It’s that important for me and that’s why I’m recommending it here.

Start Streaking

Hear me out on this one.

Wanting to exercise more is the most common new years resolution.

But that goal already sets you up to fail.

Instead I prefer streaking.

For me that means building a streak of healthy choices so I feel more guilty about breaking it.

What kind of healthy streaks can start this year?

Here are some of my favorite examples:

Some examples I use are:

  • Going for daily walks
  • Weightlifting at least 3 times a week
  • Playing with my dog for 30 minutes
  • Locking my phone in a drawer after work for 1 day a week

You can use an old school paper calendar or an app like Streak.

Check out my list of the best productivity apps to see some other examples.

There’s something satisfying about having a really long streak.

And it also makes you afraid to break it.

My longest streak is 300 days right now.

I don’t want to start over from zero, so I make time in my day to extend my streak.

Set Professional Goals

It’s so easy to get complacent at work.

And it’s even easier to justify that attitude when something negative happens.

Maybe your coworker was a jerk to you, or you didn’t get that raise, bonus, or promotion you wanted, or your company sucks to work for.

So you stop caring.

You don’t put your forth your best effort.

You coast.

But that leads to your own professional stagnation.

Not every coworker is great to work with.

And not every company is a good company to work for.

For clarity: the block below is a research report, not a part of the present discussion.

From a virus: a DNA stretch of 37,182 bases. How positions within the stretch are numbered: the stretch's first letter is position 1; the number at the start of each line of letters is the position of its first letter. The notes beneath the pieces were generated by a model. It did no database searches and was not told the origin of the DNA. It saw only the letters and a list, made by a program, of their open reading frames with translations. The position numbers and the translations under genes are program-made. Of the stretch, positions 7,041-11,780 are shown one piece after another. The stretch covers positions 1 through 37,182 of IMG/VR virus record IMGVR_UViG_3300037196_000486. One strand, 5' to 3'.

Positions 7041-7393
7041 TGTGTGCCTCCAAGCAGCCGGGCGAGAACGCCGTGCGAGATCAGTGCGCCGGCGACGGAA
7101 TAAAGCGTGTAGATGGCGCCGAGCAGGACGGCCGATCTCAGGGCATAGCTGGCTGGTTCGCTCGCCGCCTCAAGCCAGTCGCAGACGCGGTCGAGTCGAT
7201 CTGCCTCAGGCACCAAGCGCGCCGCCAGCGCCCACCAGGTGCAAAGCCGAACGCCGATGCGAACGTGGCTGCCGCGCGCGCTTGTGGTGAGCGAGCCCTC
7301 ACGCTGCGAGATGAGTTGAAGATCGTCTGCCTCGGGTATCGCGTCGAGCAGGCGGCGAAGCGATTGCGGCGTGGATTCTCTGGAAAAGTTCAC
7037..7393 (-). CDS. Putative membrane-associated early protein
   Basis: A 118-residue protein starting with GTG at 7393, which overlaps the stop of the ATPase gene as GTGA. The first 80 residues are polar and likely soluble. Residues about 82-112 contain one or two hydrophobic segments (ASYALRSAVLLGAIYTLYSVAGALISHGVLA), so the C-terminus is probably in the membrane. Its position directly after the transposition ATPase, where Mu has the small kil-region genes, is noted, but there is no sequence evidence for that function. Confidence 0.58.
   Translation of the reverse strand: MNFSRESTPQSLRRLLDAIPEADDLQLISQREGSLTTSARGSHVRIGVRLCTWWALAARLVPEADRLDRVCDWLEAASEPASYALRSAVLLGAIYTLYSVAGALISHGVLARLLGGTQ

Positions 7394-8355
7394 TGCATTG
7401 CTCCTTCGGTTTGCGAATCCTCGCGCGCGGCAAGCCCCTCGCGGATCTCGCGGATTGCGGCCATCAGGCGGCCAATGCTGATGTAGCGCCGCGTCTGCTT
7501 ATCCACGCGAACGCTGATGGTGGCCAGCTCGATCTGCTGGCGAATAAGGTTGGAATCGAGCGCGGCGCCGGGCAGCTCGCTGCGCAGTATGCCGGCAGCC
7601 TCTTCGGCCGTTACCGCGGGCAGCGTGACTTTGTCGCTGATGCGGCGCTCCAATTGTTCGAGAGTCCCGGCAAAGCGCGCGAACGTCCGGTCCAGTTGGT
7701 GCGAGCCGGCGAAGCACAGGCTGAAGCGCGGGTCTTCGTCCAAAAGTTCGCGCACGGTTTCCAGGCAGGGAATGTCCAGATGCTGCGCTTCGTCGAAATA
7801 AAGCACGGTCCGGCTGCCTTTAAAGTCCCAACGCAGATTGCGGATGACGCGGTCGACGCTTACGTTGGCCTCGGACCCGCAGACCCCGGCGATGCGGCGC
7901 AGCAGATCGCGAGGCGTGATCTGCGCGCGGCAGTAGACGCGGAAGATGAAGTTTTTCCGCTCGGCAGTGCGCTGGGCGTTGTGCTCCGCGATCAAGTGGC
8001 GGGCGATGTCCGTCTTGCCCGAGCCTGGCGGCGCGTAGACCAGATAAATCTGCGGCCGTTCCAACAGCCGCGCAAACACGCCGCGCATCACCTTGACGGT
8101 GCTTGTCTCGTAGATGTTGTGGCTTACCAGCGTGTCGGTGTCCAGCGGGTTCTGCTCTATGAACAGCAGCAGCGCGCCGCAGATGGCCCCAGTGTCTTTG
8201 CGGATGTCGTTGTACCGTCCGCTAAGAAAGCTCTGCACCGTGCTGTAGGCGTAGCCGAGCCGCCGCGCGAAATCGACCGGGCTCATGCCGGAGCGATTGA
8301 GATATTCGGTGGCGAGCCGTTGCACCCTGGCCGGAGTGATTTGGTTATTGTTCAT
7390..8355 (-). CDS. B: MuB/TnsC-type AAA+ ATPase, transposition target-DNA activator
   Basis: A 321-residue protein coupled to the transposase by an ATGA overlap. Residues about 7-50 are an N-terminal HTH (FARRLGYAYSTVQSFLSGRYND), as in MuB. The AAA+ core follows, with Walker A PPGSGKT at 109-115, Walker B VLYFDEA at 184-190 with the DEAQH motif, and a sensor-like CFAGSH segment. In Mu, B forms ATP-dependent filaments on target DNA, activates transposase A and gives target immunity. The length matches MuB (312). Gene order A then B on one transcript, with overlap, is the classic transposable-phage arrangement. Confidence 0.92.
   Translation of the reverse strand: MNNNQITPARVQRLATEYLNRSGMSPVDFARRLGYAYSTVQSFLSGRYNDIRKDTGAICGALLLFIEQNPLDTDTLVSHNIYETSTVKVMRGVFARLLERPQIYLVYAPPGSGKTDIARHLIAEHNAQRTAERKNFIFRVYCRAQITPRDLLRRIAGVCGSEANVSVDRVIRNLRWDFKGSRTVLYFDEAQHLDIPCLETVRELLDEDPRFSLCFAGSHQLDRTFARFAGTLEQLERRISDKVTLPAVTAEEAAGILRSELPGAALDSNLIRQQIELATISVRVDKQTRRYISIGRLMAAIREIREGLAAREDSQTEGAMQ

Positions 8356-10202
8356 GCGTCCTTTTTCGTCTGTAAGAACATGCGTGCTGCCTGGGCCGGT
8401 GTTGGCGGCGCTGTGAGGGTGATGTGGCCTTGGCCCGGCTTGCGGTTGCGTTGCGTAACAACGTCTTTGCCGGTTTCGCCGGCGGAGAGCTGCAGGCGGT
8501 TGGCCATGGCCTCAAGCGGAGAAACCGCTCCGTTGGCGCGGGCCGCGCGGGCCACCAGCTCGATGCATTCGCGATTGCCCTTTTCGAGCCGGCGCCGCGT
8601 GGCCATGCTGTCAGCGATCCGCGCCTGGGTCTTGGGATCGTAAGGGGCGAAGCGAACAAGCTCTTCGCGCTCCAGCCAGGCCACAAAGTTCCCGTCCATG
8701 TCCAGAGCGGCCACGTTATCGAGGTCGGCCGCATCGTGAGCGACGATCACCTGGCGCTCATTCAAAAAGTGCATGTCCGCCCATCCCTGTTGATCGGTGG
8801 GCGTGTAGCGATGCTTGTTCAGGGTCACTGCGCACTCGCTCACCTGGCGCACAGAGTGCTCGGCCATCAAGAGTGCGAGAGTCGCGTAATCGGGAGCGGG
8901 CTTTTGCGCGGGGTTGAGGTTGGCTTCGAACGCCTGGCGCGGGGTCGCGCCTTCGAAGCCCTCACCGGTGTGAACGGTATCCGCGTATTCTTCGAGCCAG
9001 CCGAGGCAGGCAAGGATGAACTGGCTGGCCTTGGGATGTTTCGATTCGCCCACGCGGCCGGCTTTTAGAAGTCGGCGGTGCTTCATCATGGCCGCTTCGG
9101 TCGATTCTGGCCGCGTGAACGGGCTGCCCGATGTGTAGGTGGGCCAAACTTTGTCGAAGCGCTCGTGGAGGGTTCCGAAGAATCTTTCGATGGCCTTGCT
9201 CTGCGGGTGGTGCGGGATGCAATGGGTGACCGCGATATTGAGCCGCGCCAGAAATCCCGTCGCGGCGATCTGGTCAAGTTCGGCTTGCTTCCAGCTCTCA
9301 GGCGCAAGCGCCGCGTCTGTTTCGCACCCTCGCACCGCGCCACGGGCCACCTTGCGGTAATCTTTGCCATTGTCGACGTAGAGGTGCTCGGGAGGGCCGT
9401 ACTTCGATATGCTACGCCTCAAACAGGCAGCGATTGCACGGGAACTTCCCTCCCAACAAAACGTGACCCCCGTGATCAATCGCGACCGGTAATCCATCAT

Maybe your boss is a complete tool.

But you don’t have to accept that situation. You have the power to take control.

The job market is so hot right now.

There are other companies who want and need your skillset.

You just have to find them.

I avoid complacency by setting professional goals.

I think about where I want to be in my professional life over the next 1, 3, and 5 years.

One of my goals right now is to not work a traditional corporate job.

I haven’t achieved that goal yet, but I’m actively working on it right this second.

I want my blog to support me and my family. That’s my biggest goal right now.

But until that happens I need to continue excelling at my day job.

I want to continue growing and managing a team of growth marketers.

I want the company I work for to be wildly successful due in part to my efforts.

I want to be a major contributor to their success.

I want to achieve a certain title by a specific time.

Those are my professional goals.

What are yours?

Build A Productivity System

I owe part of my professional success to my ability to efficiently complete my work at a high level.

That efficiency comes from a productivity system that I’ve built and evolved over time.

But what works for me may not exactly work for you, and that’s ok.

Everyone is different.

What is important is building a system that works for you.

It starts with being aware of what it takes to do your best work.

My favorite framework for approaching is called fuelers and drainers. I put a time of day spin on it too.

Here are three helpful questions to ask:

  1. What time of day do I do my best work?